In Moosomin: Borderland proposes 25,500 sq. ft. home centre

March 30, 2015 • By Kevin Weedmark


Borderland Co-op is proposing to build a 25,500 square foot home centre in Moosomin.

The store would employ 30-35 people, and Borderland is hoping it could be under construction in 2016. It would cost about $4 million to develop the project.

Borderland Co-op was originally planning to build the massive home centre in 2018 on land it owns near the C-store and gas bar.

However, when the North American Lumber building burned to the ground recently, the home centre became a priority project.

Borderland is asking the town of Moosomin if it can purchase sections of one lane and two streets for the proposed home centre.

Borderland has negotiated an offer to purchase the site of the former North American Lumber location in Moosomin on the condition that it is able to purchase the roadways from the town.

The North American Lumber site was located across Carleton Street from the Co-op Home Centre. The Co-op would like to buy the section of Carleton Street between the two properties, as well as the alley between Carleton Street and Main Street. North American owned two lots facing Main Street that were used for storage.

The Co-op has also asked if it can purchase the section of Mountain Street between the current home centre on the west and KFC and the school division bus compound on the east.

Borderland GM Jason Schenn said he’s optimistic the Co-op can move forward quickly with the project. The Co-op needs to know by the end of May if it can purchase the roadways. It also needs to update its feasibility study and complete its environmental due diligence.

“We can make it work provided we get those laneways,” Schenn said Thursday. “We feel confident 25,000 square feet is the way to go. It’s very large for a town this size, but it will allow us to do a lot more.”

“There aren’t a lot of stores this size in towns the size of Moosomin. There are a lot of stores around 5,000 square feet in the rural areas, but there aren’t many this big. Assiniboia has one that’s about 20,000, and that’s the only one that big I know of.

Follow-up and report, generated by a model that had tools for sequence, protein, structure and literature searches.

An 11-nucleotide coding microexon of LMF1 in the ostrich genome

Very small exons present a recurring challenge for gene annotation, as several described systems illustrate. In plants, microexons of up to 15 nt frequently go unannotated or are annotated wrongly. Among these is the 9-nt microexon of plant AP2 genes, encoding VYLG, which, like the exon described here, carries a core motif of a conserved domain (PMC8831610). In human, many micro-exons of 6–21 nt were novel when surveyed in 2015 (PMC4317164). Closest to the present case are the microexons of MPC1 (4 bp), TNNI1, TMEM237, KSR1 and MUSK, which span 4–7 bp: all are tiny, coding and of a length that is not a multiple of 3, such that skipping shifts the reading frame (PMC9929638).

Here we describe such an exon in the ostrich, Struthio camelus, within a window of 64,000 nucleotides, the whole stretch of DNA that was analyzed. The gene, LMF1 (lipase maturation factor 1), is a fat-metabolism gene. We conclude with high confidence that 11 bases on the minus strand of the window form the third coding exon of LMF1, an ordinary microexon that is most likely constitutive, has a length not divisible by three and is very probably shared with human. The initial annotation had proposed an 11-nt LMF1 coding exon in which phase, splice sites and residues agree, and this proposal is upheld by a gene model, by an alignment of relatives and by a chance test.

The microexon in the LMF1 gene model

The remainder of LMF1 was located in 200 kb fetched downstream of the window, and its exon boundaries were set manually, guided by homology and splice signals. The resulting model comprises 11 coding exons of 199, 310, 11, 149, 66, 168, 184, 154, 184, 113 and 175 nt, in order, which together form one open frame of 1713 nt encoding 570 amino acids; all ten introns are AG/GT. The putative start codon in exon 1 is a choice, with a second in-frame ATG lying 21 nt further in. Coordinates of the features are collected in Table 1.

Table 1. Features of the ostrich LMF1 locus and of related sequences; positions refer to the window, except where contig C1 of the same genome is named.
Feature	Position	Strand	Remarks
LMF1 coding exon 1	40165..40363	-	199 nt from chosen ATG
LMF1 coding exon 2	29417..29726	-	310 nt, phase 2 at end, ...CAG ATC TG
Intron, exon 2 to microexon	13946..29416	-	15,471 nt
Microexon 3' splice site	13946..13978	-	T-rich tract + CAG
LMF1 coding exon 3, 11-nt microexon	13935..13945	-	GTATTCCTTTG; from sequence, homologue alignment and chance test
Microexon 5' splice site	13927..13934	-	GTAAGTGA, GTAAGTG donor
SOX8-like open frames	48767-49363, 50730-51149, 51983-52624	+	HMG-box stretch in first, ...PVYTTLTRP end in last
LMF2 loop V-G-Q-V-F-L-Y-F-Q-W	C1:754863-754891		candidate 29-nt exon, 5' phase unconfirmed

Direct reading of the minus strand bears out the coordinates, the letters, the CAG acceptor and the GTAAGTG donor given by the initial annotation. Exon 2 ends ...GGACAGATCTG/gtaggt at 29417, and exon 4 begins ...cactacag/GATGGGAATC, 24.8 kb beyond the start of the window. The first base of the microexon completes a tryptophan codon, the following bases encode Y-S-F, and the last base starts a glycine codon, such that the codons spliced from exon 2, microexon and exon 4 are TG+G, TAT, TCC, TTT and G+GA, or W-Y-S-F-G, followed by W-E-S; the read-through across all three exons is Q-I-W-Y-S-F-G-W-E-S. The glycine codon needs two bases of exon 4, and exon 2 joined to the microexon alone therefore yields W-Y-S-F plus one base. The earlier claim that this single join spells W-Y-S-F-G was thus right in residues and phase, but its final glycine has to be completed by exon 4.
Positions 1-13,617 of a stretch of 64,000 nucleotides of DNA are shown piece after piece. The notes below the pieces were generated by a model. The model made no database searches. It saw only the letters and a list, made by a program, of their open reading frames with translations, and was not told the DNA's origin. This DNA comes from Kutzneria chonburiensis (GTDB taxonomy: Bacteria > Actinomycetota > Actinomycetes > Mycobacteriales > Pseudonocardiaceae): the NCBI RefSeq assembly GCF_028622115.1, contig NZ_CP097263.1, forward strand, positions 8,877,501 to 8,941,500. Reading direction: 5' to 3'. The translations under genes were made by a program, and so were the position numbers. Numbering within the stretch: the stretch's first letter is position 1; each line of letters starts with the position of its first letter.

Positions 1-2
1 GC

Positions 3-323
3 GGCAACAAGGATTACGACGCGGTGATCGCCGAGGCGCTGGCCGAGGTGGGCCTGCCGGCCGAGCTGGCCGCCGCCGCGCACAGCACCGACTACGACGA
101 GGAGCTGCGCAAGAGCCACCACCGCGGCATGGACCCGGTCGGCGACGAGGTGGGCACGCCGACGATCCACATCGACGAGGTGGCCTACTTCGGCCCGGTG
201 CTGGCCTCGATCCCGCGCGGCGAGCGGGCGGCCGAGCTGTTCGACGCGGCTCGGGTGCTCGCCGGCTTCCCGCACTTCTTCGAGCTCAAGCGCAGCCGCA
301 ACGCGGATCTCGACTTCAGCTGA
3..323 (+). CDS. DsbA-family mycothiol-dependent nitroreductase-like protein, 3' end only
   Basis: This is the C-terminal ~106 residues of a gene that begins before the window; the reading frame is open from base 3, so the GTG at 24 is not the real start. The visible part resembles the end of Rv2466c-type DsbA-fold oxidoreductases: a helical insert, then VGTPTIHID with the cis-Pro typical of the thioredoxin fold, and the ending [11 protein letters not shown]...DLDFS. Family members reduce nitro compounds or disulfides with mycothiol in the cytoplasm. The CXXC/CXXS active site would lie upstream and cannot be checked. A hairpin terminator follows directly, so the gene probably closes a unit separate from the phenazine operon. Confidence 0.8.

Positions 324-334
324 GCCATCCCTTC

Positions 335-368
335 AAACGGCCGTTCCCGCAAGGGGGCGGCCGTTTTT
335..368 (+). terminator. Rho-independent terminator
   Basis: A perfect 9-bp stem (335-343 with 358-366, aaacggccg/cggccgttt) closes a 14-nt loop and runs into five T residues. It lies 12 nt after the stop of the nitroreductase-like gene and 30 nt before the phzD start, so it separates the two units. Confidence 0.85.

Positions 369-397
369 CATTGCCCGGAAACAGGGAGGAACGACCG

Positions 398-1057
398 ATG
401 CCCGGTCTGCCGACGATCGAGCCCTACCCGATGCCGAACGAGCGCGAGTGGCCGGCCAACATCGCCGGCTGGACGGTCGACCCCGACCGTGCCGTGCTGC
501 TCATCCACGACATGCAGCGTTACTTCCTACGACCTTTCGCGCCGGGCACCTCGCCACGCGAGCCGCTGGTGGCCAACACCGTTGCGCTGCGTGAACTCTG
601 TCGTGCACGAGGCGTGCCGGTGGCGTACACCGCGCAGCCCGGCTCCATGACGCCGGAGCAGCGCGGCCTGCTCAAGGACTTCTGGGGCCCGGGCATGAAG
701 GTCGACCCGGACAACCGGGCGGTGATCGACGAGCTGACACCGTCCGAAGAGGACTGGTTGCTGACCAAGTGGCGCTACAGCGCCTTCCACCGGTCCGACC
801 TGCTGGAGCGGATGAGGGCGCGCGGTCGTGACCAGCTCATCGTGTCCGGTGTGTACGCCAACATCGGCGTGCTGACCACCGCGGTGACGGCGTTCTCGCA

“Our approach is more space, adding more variety, having more inventory on hand, and using the power of all three locations to serve our customers better.

“We would be able to carry more products than we can now.

“We have a good selection of all the basics now, but with the larger store we will be able to widen out the lines, so hopefully we can provide more lines and more selection. We’ve been able to provide the basics, now we want to be able to have more variety and more options for the DIYers.”

While the original site near the C-store has lots of space and is already owned by the Co-op, Schenn says there are benefits to the Park Avenue location.

“Because of the fact that it’s all relatively decent land, we can save a lot of money on site preparation,” he says.

He said the Co-op has been working with North American Lumber since shortly after the fire that destroyed the Moosomin location.

Schenn says it helps that the Co-op was already in the planning process for a new home centre in Moosomin.

“We had already done a feasibilty study based on the other location, and we know what will work in this market. That gave us a head start.”

Schenn will have his work cut out for him with building projects over the next couple of years.

Borderland completed its C-Store, gas bar and car wash in Moosomin a couple of years ago, and currently has a gas bar and C-store under construction at Whitewood, and is developing a new cardlock site on Highway 8 at Rocanville.

“Whitewood is under construction this week, and at Rocanville, materials are being shipped to the site,” said Schenn. “It makes my life a little hectic, but it’s nice to get these projects moving.”

The Co-op is still working on how to lay out the site to maximize yard space.


Member Login:

Current Issue: July 17, 2017

Login to view current paper.
User Name:
Password:

Not a member? Register by clicking here

Flyers

Plain & Valley

Current Issue:

July 2017

Section 1 - Download PDF
Section 2 - Download PDF